Averting an alcohol crisis

  • The majority of alcohol-related harm is attributable to excessive or hazardous drinkers and not those with severe alcohol dependence.
  • Alcohol is the third most significant risk factor for ill health and premature death in the EU, behind tobacco and high blood pressure.
  • Of those who drank alcohol in the week before a 2008 survey, 10% had a problem (ie dependency) and 81% exceeded the recommended daily drinking guidelines.
  • Research carried out with 11–16 year olds in 2007 showed that over half had drunk alcohol, and over half of these had been drunk on at least one occasion.

Alcohol has never been more affordable or available. A combination of rising disposable income and stable alcohol prices means it is now 65% more affordable to buy alcohol than it was 20 years ago.

It is estimated that we are spending approximately £680m annually in Northern Ireland addressing alcohol misuse. This includes costs to healthcare, policing, probation and prison services, social services and workplaces (through absenteeism).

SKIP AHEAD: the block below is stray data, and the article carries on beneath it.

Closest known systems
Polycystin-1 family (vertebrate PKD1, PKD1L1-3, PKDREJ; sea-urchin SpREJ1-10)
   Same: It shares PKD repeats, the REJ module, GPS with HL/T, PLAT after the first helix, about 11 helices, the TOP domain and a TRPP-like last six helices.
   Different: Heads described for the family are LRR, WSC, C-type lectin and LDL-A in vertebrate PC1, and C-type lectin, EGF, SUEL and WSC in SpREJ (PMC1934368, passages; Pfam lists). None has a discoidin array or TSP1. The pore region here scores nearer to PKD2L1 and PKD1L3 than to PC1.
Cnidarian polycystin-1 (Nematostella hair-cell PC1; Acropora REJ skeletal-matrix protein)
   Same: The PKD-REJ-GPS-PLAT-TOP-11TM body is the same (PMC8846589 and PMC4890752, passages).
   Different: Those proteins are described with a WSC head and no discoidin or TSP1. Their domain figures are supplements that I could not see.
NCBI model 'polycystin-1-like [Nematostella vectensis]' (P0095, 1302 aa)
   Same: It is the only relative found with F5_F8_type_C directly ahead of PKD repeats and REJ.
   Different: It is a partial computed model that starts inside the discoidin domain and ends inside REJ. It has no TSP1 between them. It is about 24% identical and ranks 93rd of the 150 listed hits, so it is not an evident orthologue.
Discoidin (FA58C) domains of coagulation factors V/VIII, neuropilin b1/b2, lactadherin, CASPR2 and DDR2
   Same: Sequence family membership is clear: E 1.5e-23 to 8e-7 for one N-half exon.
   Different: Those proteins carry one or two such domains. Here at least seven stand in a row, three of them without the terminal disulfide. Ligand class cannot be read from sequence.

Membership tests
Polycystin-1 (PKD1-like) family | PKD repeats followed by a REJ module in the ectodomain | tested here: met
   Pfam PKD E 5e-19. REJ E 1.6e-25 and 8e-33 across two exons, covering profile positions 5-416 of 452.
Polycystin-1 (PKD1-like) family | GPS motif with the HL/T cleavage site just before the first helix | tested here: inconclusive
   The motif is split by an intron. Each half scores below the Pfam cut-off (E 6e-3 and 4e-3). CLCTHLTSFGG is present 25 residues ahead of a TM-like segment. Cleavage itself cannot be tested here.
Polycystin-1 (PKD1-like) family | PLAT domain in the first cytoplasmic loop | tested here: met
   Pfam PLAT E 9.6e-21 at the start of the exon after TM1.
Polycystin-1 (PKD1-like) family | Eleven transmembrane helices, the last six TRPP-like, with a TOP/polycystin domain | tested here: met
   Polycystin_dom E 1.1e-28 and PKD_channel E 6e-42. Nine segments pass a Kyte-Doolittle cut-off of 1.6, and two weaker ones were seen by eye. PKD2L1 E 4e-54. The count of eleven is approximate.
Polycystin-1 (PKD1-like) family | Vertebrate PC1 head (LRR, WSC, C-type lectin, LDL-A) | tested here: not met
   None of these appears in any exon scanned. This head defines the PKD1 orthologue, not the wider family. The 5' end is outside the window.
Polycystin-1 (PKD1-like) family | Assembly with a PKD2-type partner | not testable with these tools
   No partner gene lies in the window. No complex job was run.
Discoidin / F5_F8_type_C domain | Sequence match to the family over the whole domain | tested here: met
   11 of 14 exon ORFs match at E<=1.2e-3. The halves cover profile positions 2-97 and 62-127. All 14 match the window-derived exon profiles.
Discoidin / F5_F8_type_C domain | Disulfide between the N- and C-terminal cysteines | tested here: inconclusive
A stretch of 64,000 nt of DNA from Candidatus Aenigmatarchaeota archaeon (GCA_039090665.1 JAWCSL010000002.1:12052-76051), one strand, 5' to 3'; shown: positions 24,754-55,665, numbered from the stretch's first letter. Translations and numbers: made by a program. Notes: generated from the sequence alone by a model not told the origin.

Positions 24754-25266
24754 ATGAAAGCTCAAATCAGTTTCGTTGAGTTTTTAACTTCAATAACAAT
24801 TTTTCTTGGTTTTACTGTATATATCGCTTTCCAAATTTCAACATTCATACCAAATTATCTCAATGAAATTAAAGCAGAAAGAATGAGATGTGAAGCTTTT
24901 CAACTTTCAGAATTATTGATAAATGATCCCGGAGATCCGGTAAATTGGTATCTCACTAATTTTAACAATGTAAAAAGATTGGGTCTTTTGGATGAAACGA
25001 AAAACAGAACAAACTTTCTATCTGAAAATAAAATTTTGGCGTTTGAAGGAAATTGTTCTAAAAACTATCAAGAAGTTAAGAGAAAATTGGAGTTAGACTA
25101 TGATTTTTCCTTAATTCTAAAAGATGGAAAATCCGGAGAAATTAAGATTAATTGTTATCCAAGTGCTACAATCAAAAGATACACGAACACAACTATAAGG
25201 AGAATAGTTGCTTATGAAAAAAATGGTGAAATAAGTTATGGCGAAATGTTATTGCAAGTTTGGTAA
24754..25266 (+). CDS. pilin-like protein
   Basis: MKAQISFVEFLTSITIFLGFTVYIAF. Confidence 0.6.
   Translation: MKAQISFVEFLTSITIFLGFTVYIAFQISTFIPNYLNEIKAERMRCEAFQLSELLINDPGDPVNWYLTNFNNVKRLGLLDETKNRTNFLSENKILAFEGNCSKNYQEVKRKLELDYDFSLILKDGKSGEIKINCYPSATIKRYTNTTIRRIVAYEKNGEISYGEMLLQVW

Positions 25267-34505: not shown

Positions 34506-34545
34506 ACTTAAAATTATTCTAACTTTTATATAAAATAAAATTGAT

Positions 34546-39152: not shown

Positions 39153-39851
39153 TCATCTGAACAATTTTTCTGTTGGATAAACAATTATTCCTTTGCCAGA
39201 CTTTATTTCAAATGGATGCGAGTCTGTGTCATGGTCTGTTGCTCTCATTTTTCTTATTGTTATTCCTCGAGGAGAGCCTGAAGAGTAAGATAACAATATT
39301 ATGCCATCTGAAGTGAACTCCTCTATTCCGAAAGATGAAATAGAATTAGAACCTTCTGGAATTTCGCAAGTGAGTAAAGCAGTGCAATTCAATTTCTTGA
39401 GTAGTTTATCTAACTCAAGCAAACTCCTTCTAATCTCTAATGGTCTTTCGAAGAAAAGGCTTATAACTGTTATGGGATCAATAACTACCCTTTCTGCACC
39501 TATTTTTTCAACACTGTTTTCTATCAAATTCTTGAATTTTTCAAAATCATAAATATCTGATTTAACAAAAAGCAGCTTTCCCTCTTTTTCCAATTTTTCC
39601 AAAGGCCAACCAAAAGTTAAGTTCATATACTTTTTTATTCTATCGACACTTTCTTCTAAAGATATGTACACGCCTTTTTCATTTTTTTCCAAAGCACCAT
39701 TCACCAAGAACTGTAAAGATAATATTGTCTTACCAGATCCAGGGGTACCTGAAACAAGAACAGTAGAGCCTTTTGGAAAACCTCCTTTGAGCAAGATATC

Northern Ireland has seen a notable increase over the past 15 years in both the number of people drinking alcohol and the number drinking in excess of the weekly recommended levels.

The change in licensing laws in 1996, the effects of the peace process, and the rapid growth of the leisure industry in Northern Ireland as a result, are possible reasons why consumption in Northern Ireland has increased at a much greater pace than in the rest of the UK. Our drinking is not yet out of control but we are potentially sleepwalking into a major crisis.


There is a strong body of evidence to show that making alcohol less affordable has the biggest impact in reducing consumption levels and, therefore, in reducing health and social harms.

Attempts to increase the cost of alcohol through levying higher taxes have not been successful because retailers, particularly supermarkets, have tended to absorb the cost of the increased taxes and have sold alcohol as a loss-leader.

Focus has therefore shifted to the possibility of introducing a minimum price for alcohol. This would ensure that retailers cannot sell alcohol below a certain baseline cost. The minimum price would be set per unit of alcohol, termed ‘minimum unit pricing’.


The PHA has placed its support firmly behind measures proposed by the Northern Ireland Assembly to control the consumption of alcohol by introducing minimum unit pricing and bans on irresponsible drink promotions.

Next steps

We must continue to lobby for local measures to restrict the availability of alcohol. Reducing alcohol consumption will reduce the impact on health and other public services and there has never been a more urgent time to do so, given the increasing pressure on public finances.